Using the premium information from the sample illustration in the exhibit, the future value of annual payments of $19,110 for 30 years at 5% is nearly $1,270,000. This amount clearly passes the 80% test, based on the $1 million death benefit that the illustration shows.

When evaluating an illustration, accountants also should get a Vital Signs report ( ) on the insurance carrier. This service provides summaries of all insurance companies filing with the North American Association of Insurance Commissioners. It includes the ratings of all companies by the major rating services plus selected financial information. When advising clients, CPAs should look to see whether results from operations and returns from the company’s investment portfolio are positive. If an insurer is losing money in both areas, this is a warning sign about the illustration’s value in predicting future policy performance.

The guaranteed column in an insurance illustration assumes the worst case—that from policy inception, the carrier will credit the minimum interest and charge the maximum amount based on the standard mortality tables. CPAs studying insurance policy illustrations can assume the benefits, cash surrender value and accumulated values will never be lower than those the insurer guarantees.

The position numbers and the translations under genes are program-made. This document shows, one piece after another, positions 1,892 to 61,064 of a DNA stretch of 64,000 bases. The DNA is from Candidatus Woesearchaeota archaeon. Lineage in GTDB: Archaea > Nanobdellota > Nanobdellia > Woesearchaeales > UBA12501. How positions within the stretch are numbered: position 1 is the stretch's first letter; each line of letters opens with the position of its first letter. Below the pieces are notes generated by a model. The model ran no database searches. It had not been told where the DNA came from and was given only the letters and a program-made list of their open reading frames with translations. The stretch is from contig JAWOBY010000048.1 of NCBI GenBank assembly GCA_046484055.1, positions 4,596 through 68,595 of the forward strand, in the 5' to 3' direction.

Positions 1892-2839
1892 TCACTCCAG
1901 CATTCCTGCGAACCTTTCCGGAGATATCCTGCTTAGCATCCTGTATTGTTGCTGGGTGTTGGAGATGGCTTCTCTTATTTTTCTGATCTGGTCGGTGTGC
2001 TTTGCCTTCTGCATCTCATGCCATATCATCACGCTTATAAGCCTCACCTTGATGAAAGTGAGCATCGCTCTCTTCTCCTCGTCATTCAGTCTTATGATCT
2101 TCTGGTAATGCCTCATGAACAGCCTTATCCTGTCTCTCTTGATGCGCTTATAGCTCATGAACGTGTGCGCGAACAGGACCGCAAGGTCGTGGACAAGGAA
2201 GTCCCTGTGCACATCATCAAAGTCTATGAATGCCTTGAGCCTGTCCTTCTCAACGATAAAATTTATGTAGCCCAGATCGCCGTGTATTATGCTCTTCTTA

Actual policy performance is subject to change at the insurer’s discretion within the limits imposed by contractual provisions. The moment the client buys the policy, the illustration no longer predicts future results with the exception of the worst-case scenario and the first policy year using current assumptions, both of which are guaranteed.

Some carriers provide illustrations that offer an additional “nonguaranteed” column. (The one in the exhibit does not.) This second column reflects changes in the interest credits that are halfway between the guaranteed and nonguaranteed assumptions. Don’t make the mistake of thinking the midpoint is the most likely scenario for interest credits. It’s simply a random point halfway in the interest rate projections. The mortality charges do not change for either illustration.

Both nonguaranteed illustrations—the current and the intermediate—are hypothetical representations of the company’s current practices. They reflect a scenario based on rates the insurer declared to be in effect when it issued the policy. For planning purposes CPAs should assume this annual declared rate is in effect through the end of the policy period.

It’s always a good idea for CPAs to ask the insurer to provide an inforce reprojection showing any changes in credits or charges the company has declared for the next policy year (an insurer won’t issue one unless asked). Review it with the client. Look closely for any unanticipated premium increases. Changes in credits and charges to the policy will be reflected in revised premiums or benefits. The example in the exhibit shows the carrier maintaining a regular annual premium of $19,110 for the 35 years the policy runs. Any change in the projected annual premium or the benefits would result from alterations the insurer made prospectively to the policy’s performance assumptions.